In a paragraph, a poem or a page, use the words
It wasn't the travel experience I thought it would be.
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What an amazing response to our first challenge - It wasn’t the travel experience I thought it would be. It blew us away! So many different and wonderful stories, from an Italian holiday romance that became a 31 year marriage (and still counting!) to an ordeal in the Outback, the adventures of a raindrop and a bar stool in Vegas.
We cannot pick out one because they were all so good and of such a high standard, but the story of a South African mother going to her 18 year-old daughter’s funeral was incredibly moving.
And how fitting that we could pay tribute to Sheffield poet Tom Porter on November 11, with his fantastic Christmas Day in No Man’s Land.
Hope you, your friends, family and workmates enjoyed seeing your stories and poems on the blog as much as we did. Don't forget to send some positive comments to our authors.
No time to rest on your laurels. We’ve lots more for you.
So, get writing and send us your Lullabies, letters and short stories for a child in your life.
LET’S WRITE 321
With nothing but a toothbrush and 10 rand in my pocket, I got into the first train to Cape Town. I can't even remember if I bought a ticket or if I just got in with the chattering crowd.
There was a student off to start her final year of high school, a bride travelling to meet her husband and a divorcee with her court documents. In the 18 years of her life, my daughter had been all three of them.
But now, I go to see yet another celebration of her life - her funeral. It wasn't the travel experience I thought it would be.
It was November 8, 2016 - US election day. I was seriously jet lagged, after a long flight from Boston, Massachusetts, and not enough sleep.As I was to attend a meeting the following day I was grateful there were no jangling slot machines in the lobby of my Las Vegas hotel.
I was determined to get some fresh air so I dropped my bags and headed out. My walk reminded me how skin deep Las Vegas is. A block off the strip, it was hard to walk. No sidewalks - all parking lots and iffy convenience (and other) stores. My destination was the Wynn casino. I wanted to see what it looked like, because they were about to build one within walking distance of my home in Boston.
The Wynn was what I expected - a lot of surface glitz and noise. Why our governor decided to allow gambling in Massachusetts as a stop-gap budget measure, escaped me and still does. I stumbled back to the hotel, exhausted. The polls had just closed on the east coast. I desperately wanted to go to sleep, but I needed to know. Was Hillary (Clinton) winning, as everyone thought she would?
I took a seat at the bar, in front of the big-screen TV. I picked at a nondescript dinner and wine while watching the commentators trying to make sense of the data that was coming in. It started out as typical, cheerful commentator banter - explaining that the early results were from parts of the States that tended to vote Republican. But as more results came in, their rationales became more convoluted. Everyone knew Hillary would win, but it became harder to explain just how that was going to happen.
I was surrounded by Trump supporters, who became more cheerful - and intoxicated - as the evening progressed. Finally, I could sit there no longer. I went upstairs and collapsed into bed. At 3am I woke up and turned on the TV to confirm what I feared. Four years of Trump.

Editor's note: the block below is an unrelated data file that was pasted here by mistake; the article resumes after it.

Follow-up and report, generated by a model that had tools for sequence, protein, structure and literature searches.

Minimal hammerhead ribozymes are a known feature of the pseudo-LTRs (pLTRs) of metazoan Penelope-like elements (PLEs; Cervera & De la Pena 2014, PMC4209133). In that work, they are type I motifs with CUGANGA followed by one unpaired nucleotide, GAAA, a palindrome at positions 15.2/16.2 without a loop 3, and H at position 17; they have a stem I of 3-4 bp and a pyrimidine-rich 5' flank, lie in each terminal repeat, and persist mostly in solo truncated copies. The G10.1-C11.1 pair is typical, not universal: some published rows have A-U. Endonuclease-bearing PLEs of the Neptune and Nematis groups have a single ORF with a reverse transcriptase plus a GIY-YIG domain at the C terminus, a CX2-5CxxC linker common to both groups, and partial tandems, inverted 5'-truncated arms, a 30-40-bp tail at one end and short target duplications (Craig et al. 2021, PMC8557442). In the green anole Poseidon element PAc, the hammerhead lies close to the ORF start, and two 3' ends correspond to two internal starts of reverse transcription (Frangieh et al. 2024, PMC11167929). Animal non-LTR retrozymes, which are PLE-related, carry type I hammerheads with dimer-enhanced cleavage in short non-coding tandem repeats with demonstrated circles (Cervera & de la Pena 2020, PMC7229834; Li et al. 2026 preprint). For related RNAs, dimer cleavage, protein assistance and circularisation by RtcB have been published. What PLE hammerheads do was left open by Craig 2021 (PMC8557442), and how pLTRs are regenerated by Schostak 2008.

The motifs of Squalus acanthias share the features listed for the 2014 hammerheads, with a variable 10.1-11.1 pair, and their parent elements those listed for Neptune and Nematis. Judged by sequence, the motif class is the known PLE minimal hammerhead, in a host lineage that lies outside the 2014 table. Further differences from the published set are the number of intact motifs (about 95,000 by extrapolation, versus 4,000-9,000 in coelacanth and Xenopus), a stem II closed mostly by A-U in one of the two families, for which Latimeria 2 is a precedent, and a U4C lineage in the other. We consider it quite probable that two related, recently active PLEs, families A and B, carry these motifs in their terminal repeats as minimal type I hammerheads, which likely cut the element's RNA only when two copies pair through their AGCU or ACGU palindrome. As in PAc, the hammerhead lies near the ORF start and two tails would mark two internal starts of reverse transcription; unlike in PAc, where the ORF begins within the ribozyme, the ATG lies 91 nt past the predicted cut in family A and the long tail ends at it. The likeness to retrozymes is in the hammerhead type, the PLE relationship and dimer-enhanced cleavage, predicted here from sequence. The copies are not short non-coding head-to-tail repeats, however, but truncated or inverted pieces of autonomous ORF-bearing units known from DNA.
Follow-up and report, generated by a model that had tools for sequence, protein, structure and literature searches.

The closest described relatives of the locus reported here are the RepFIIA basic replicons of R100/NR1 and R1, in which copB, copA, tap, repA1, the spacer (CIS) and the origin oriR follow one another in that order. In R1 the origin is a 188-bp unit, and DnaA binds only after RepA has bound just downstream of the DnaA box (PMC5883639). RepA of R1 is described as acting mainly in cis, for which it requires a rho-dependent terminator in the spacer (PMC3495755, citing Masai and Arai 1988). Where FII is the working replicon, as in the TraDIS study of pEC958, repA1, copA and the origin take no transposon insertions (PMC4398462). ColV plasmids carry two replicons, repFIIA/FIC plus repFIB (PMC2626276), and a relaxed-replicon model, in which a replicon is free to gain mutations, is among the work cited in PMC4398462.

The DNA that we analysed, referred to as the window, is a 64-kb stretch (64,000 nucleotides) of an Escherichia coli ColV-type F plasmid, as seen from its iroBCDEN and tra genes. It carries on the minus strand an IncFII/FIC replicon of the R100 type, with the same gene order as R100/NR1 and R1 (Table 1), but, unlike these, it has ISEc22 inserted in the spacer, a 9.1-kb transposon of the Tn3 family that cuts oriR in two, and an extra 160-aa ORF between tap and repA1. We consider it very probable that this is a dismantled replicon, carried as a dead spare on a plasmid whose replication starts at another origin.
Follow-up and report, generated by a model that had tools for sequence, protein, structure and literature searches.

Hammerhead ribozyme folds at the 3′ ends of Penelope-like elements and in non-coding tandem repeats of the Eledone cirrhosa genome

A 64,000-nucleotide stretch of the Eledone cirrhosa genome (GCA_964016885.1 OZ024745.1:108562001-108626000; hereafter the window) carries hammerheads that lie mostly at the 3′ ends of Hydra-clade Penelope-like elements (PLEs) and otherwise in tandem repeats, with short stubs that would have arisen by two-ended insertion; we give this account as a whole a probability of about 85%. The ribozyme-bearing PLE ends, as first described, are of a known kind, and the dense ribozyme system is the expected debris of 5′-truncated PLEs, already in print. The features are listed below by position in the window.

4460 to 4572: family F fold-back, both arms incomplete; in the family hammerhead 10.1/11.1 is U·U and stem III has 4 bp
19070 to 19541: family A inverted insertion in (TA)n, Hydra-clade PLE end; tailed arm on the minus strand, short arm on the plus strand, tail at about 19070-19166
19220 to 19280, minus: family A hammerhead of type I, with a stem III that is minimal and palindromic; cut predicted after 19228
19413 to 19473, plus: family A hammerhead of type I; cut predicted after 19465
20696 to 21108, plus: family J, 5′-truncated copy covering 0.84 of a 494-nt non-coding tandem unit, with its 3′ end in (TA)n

Las Vegas wasn’t the travel experience I thought it would be.Now, it’s another election day - November 3, 2020. Thankfully I am in Boston, and I will stay up. But part of me will be back on that bar stool in Vegas, fearing the worst.
A stunning sunny day on Sydney Harbour in the summer of 1970. Blue water sparkling like millions of sapphires. Yachts, cruisers, ferries traversing the magical scene.
I was off on a romantic adventure to travel from Watsons Bay Wharf across the harbour to Lavender Bay on a date with my relatively new boyfriend.
As my ‘chariot’ arrived I was struck by the fact it was a small, aluminium dinghy with a scout at the tiller, and four cub scouts on board.
My date, the scout master, had decided to multitask, giving the boys an opportunity to earn their badges while he took me on a romantic date on the harbour.
Leaving the wharf, I was already nervous as I’m not a fan of water sports but decided to give this travel experience a try. With such an unexpected start to the day surely it would turn out fun and could only improve!
Puttering across the water, skimming on the wake of other much larger vessels and taking in the beauty of the views, I started to relax and enjoy myself. The boys chattered excitedly and Colin, the scout in charge of navigation was funny, and extremely proud of his prowess at the tiller.
My mother always said ‘pride cometh before a fall’. That’s when it all went wrong!
The air was suddenly filled with shouts of, ‘GET OUT OF THE WAY!’ ‘GIVE WAY!’ The white bow of a huge yacht was just meters from our dinghy.
Colin tried to change course, but it was all too late. The cubs somehow managed to claw their way up the side of the yacht to safety as it ploughed straight over the top of our rapidly capsizing craft. Before I knew it, I was under the dinghy and someone was pulling me out and up to cling onto the wreck. Small cruisers came out of nowhere and strong arms lifted me out of the water to safety.
My date and Colin, the young scout, managed to pull themselves onto the cruiser and we were all taken to Shark Beach at Nielsen Park. The rest of the day is blur. Maybe I’ve expunged it from my memory as it certainly wasn’t the travel experience I thought it would be.